Believe it or not, sun damage plays a major role in why skin becomes dry any time of the year. Unprotected sun exposure creates a damaged outer layer of skin where skin cells adhere poorly to each other and the result is that the surface of new skin being formed is continually unhealthy and impaired. Sun damage also disrupts and destroys the skin s intracellular matrix. Every day of the year, if there is daylight, the skin is subject to sun damage. Keep in mind that the sun s damaging rays come through office and car windows. Sun protection is vital to the health of skin.

Improving cell turnover is another important consideration in getting rid of dry skin and improving the appearance of skin. Dry skin does not shed as it should and those built-up layers of dead skin cells can feel rough and look flaky. A well-formulated, pH-correct exfoliant such as an alpha hydroxy acid (glycolic or lactic acid) or beta hydroxy acid (salicylic acid) can handle this problem beautifully.

Genetically, aged skin is also a cause of dryness, because as the body's levels of estrogen drop the skin becomes thinner and the fat deposits under the skin (part of the skin's protective barrier) also become thinner or depleted altogether. Regrettably, there is little that can be done about this other than using various types of hormone replacement therapy (HRT) and plant-based hormone replacement (phytoestrogens) that can be consumed when eating or drinking soy-based foods.

By the way, while drinking eight glasses of water a day is great for your body, it doesn't work to improve or reduce dry skin. If that s all it took to get rid of dry skin is drink more water, then no one would have dry skin and moisturizers would stop being sold. The causes of and treatments for dry skin are far more complicated than just drinking water.

Here are some great options for winning the battle:

Wear sunscreen: Daylight, even dim, obscure daylight, causes skin damage, which means it slowly becomes less and less able to hold moisture or feel smooth.

Use state-of-the-art moisturizers: Moisturizers should be filled to the brim with antioxidants, water-binding agents, and anti-inflammatory ingredients. If you have persistent or exceptionally dry skin the, moisturizers you use should also contain various forms of lipids such as lecithin, cholesterol, glycerol, glycerides, and plant oils. Anything less leaves your skin incapable of warding off the environmental causes of dry skin.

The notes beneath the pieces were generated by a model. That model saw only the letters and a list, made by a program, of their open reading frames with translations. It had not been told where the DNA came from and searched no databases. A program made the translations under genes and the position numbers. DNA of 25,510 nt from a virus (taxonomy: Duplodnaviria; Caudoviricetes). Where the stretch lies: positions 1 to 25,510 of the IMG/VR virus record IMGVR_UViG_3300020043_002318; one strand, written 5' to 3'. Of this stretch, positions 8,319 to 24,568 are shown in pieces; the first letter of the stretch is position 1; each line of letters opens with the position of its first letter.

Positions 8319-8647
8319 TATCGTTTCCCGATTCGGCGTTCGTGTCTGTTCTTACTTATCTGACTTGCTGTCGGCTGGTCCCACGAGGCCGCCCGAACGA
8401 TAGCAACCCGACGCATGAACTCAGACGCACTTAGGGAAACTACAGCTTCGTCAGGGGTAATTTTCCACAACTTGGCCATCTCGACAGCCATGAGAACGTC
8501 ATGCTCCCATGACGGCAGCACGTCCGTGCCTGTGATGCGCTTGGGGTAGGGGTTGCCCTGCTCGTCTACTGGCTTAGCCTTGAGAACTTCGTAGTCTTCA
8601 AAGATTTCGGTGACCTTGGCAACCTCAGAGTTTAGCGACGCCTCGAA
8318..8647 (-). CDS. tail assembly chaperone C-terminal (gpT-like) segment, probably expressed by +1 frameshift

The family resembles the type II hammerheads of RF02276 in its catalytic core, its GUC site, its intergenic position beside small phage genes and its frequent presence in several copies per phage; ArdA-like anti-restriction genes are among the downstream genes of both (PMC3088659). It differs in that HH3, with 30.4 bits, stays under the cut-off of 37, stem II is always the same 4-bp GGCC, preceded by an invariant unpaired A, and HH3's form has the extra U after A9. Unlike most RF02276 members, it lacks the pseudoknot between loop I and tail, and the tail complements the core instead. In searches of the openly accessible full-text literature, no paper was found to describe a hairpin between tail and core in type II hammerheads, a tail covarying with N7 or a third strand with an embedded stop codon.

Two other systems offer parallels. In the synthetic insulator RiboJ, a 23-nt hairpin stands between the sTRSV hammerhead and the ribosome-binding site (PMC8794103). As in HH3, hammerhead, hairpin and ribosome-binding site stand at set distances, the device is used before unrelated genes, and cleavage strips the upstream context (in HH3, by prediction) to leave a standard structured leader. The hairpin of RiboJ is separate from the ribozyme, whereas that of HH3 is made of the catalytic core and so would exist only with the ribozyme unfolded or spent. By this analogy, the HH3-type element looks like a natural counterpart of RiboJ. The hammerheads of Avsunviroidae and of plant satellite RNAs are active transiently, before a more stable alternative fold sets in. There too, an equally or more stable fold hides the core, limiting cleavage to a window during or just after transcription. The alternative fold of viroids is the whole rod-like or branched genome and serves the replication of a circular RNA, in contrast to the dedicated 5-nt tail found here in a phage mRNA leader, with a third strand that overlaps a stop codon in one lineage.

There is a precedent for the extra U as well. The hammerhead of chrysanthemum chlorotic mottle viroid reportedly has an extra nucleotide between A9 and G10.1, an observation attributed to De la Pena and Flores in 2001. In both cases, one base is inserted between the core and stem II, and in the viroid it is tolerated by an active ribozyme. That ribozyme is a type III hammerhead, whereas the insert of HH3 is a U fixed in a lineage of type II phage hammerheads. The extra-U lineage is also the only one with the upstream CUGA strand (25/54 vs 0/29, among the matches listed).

Apply and reapply moisturizer: If you have dry skin, you really can t use too much. So whenever your skin starts feeling dry, put more on. It is also important to be diligent about reapplying moisturizer every time you wash your hands. Don t forget to keep a moisturizer in your purse, at your desk, and in every bathroom in your home.

Avoid soap or drying cleansers use only gentle, non-drying cleansers: This cannot be stressed enough. Never use a cleanser that leaves a dry feeling on your skin and that includes from the neck down. Do not over scrub skin, you can t scour away dryness. Paula's Choice All-Over Hair & Body Shampoo and Silky Start Sugar Scrub are great options for cleansing and gently exfoliating skin manually.)

Avoid soaking in the bath tub, Jacuzzi, or taking long showers: As wonderful as a leisurely bath or shower feels, too much water is bad for skin because it breaks down the skin s protective covering (the skin s intracellular matrix) destroying the substances that keep skin cells intact. Keep showers or baths as short as possible.

Get a humidifier: Low humidity is the cause of most weather-related dry skin, whether it is winter or a desert environment. Humidifiers are relatively inexpensive, last a long time, and work for the whole family. If you have a large home, you may need two or three humidifiers to gain benefit.

Avoid bath oils in the bath: It does not make much sense to pour bath oils into the bath water because most of the oil goes down the drain, plus they make the bathtub slippery and dangerous. Bath oils also encourage you to soak in the tub for longer periods of time and that isn't good for skin. There is also research showing that oil can trap cleansing ingredients on skin, causing irritation and dryness. Oils are best applied when you get out of the bath or shower after you are well rinsed off and gently towel dried.

Exfoliate: Skin cell turnover (exfoliating) is a function of healthy skin, but due to sun damage, skin more often than not needs help with this process. A well-formulated AHA or BHA can help skin cells turn over in a more natural, youthful manner by removing the build-up of old skin cells and replacing them with newer, smoother ones. (Paula's Choice 8% Alpha Hydroxy Acid Solution, 1% Beta Hydroxy Acid Lotion or Gel, 2% Beta Hydroxy Acid Liquid Solution or Lotion, Weightless Body Treatment With 2% Beta Hydroxy Acid, or Skin Revealing Body Lotion with 10% Alpha Hydroxy Acid are great options as are Lac Hydrin, Alpha Hydrox products, and Neutrogena Skin Smoothing Body Lotion available at the drugstore).

Use plant oil or mineral oil over your moisturizer: At night, over stubborn dry areas, after you've applied your moisturizer, massage a few drops of oil onto your skin. Pure olive oil is a great option because it is rich in antioxidants, and pure mineral oil creates an instant seal over skin to keep in moisture. For a lighter, less greasy option Paula s Choice Silk Mist Dry Oil Spray With Antioxidants feels wonderful on skin.